Black Lives Matter activists protested at New York City's Upper West Side eatery Carmine's on Monday in protest of the restaurant denying service to three black women after they failed to provide vaccine verification.
The women were allegedly asked to show the hostess at the restaurant their proof of vaccination, but when they were denied entry for not doing so, they reportedly attacked the Asian hostess. The women, visiting from Texas, later claimed they were racially profiled.
Vaccine verification to enter many establishments in New York City is a requirement of Mayor Bill de Blasio's executive order 225.
Jess Banks, the owner of the famed Italian restaurant on Manhattan's Upper West Side, made it clear that the women were denied service due to the de Blasio's vaccination requirement and shot down claims that the hostess racially profiled them.
"This turned into a mess. And from there, it's inexcusable, ridiculous," Banks said, adding that Carmines will now have to hire a security person to avoid similar problems in the future. De Blasio's order came with fines for businesses that do not enforce the order, but demands that businesses employ their own means of enforcing it on patrons.
"Our employee, thankfully, is safe right now. She's extremely shook up," Banks added. "Two other people had minor issues."
The three women were arrested after allegedly assaulting an Asian hostess last Thursday in response to getting denied service. The women claim that they were racially profiled.
"Carmines are racist! Carmines are fascist," the crowd of demonstrators chanted in a chaotic scene at the restaurant.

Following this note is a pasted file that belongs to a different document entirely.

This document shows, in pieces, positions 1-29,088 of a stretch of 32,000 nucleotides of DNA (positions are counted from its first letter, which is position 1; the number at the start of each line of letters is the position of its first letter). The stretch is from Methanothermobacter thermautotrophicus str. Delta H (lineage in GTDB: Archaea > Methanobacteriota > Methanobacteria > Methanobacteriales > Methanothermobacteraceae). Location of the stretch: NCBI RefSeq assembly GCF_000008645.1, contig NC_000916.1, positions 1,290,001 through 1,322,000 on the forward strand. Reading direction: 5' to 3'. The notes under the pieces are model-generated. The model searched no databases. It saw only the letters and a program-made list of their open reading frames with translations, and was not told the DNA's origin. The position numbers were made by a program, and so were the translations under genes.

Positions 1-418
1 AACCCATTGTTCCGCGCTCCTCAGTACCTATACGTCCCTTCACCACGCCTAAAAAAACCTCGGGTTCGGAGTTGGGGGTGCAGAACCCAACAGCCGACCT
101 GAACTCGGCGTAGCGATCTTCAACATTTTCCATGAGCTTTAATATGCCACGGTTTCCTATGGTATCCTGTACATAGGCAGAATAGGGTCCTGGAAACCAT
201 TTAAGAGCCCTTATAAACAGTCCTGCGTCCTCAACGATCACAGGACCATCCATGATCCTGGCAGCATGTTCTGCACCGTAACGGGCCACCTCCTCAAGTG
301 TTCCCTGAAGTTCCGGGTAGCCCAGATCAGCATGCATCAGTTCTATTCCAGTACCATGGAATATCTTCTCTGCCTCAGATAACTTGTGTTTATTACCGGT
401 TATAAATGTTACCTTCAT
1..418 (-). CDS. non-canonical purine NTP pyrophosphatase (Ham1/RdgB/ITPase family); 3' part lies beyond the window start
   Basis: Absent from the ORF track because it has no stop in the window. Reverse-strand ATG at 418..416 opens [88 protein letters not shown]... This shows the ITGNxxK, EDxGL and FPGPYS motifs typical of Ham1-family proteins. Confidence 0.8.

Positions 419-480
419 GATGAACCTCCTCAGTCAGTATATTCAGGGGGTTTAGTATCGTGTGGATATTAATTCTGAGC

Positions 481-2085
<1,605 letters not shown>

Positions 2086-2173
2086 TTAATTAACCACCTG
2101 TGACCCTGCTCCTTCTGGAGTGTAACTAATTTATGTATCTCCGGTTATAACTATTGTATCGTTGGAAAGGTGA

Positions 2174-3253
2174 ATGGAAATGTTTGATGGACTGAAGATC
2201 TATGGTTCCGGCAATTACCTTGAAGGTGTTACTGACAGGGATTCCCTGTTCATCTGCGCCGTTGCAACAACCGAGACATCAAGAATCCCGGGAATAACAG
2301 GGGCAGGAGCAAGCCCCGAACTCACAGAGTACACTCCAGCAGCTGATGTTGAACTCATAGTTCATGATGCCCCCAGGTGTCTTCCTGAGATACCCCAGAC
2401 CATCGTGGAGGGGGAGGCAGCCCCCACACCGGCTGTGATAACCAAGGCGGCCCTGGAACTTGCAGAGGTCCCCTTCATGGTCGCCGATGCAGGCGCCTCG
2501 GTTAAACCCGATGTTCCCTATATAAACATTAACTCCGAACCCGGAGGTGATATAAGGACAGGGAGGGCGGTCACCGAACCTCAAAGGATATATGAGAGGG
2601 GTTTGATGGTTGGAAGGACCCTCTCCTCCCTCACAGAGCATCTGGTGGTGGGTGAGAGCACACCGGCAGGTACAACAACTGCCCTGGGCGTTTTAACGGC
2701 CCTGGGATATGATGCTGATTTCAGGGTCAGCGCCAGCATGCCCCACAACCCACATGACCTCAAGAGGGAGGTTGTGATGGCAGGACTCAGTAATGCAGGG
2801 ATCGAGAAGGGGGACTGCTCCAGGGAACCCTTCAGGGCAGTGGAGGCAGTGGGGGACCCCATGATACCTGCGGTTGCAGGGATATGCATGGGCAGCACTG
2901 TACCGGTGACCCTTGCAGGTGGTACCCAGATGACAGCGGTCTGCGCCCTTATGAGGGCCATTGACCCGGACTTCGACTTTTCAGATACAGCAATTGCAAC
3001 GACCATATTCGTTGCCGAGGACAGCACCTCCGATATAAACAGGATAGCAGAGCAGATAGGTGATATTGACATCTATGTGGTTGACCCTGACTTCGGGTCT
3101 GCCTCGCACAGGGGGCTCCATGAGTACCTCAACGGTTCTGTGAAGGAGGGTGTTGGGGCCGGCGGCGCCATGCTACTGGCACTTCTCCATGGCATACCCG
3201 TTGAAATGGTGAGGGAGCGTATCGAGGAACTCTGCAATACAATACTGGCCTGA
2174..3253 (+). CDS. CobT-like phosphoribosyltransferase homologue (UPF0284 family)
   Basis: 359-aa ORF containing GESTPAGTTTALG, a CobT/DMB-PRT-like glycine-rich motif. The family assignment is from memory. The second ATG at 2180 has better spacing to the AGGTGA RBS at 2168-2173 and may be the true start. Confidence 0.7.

Protestors confronted a woman outside the restaurant, calling her a "Karen."
The hostess, who had just started working at Carmine's several weeks ago, was up being punched, slapped and had her jewelry ripped off during the encounter, according to the New York Police Department.
The worker was left with bruises and scratches to her face and arms, authorities said. Two waiters were also reportedly hurt in the scuffle before being able to oust the unruly Texas trio.
The attack happened just days after the executive order went into full enforcement effect on September 13, requiring places of business like restaurants, bars, gyms, theaters, and most other non-retail settings to check for proof of vaccination before allowing potential customers indoors, or else risk a $1,000 fine. The city has provided no enforcement and instead relies on businesses to enforce the order for them.
Similar "vaccine passports" are currently in effect in the cities of San Francisco, New Orleans, and Los Angeles, and other local jurisdictions such as Seattle are considering implementing similar measures in the near future.